The Great Meteor Seamount is an isolated submarine mountain in the Canary Basin. Its top is 500m below water, whereas the surrounding abyssal plain is 4000m deep. When the barotropic tide hits the seamount, the isopycnals are pushed up and down the slope of the mountain and vigourous internal tides are generated.
Simultaneous ADCP and temperature measurements were performed during 19 days at a rate of 1 Hz. Using the high accuracy of the NIOZ High Sampling Rate Thermistors (1mK), strong nonlinear internal waves fronts are observed in phase with M2, as well as continuous short period isotherm motions eventually showing nonlinear instability.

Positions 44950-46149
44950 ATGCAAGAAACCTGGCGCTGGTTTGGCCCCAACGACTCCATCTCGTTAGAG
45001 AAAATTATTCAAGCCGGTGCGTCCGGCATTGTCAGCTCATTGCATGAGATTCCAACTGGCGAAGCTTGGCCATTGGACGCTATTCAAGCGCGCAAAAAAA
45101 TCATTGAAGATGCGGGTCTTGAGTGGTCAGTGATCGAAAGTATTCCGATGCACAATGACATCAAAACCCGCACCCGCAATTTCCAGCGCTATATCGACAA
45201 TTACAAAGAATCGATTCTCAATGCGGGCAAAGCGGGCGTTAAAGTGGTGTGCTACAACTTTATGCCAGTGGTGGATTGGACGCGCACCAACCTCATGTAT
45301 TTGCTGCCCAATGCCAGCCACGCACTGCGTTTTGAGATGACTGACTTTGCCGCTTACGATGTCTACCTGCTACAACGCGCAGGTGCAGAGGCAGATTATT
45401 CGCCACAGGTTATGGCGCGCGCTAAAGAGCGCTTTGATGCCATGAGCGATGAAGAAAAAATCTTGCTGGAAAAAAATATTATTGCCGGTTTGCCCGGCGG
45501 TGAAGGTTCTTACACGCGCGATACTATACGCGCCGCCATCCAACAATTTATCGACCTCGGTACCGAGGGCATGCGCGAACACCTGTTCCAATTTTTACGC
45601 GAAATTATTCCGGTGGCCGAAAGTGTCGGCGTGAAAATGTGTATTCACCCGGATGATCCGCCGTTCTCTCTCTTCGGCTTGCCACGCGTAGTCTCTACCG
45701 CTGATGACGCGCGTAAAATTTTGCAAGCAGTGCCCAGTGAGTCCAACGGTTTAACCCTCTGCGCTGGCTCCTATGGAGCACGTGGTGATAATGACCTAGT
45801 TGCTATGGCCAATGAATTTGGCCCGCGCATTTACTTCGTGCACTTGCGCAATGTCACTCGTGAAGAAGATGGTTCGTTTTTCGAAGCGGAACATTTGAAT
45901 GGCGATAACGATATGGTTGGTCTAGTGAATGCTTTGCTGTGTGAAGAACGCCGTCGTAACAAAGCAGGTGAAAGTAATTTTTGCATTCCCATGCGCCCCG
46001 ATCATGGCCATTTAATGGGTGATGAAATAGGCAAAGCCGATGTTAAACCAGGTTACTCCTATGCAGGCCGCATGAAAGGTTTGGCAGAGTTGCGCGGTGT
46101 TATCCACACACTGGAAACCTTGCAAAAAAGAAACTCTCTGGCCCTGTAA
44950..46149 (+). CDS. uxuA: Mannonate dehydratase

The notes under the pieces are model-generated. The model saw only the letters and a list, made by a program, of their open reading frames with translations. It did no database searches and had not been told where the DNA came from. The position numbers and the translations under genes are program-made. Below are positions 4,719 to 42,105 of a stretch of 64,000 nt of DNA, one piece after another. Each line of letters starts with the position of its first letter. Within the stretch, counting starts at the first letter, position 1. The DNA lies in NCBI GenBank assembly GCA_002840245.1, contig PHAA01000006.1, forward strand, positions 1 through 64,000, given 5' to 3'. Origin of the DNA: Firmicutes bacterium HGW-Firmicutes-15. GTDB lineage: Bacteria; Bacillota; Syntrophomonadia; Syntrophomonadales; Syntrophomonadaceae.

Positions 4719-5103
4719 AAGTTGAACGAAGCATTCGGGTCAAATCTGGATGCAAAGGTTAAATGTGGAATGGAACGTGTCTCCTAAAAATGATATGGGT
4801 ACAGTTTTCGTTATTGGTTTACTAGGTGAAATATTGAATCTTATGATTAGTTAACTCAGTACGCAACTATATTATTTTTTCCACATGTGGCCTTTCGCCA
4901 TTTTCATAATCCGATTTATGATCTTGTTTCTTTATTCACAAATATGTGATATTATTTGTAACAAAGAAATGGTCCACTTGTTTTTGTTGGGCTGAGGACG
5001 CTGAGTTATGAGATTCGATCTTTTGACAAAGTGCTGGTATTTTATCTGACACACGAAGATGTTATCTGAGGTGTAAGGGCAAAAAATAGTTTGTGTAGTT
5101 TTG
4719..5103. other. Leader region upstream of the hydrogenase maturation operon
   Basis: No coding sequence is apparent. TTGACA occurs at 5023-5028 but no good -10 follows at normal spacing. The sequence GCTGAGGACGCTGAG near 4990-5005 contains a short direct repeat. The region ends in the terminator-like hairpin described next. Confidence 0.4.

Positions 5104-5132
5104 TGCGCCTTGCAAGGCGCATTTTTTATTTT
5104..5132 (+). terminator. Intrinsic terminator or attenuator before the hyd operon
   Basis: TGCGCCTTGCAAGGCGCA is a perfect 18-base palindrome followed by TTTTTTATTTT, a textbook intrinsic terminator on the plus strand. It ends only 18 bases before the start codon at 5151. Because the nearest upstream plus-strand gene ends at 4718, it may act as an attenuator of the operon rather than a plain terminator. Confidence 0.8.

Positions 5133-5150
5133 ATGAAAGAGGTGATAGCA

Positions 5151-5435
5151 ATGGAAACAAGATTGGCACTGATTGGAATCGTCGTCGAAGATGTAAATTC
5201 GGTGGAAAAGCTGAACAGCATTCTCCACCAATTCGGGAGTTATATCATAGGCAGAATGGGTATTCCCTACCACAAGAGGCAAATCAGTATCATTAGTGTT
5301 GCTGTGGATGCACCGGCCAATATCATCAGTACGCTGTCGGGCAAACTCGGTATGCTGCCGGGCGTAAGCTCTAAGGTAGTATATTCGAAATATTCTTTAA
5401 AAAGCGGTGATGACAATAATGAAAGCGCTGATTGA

During the downslope phase of the flow, Kelvin-Helmholtz instabilities are observed, with O(10m) billows.
Using the Thorpe scale, eddy diffusivity can be estimated. Averaged over a fortnight, the observed overall time-depth mean Kz = 3.10-3 m2 s-1. Variations with time and depth are large, by up to four orders of magnitude
Backscattered echo intensity data are compared to a specifically written attenuation law, and anomalies appear tobe strongly correlated to internal waves activity, inferring a resuspension of materials by the fronts.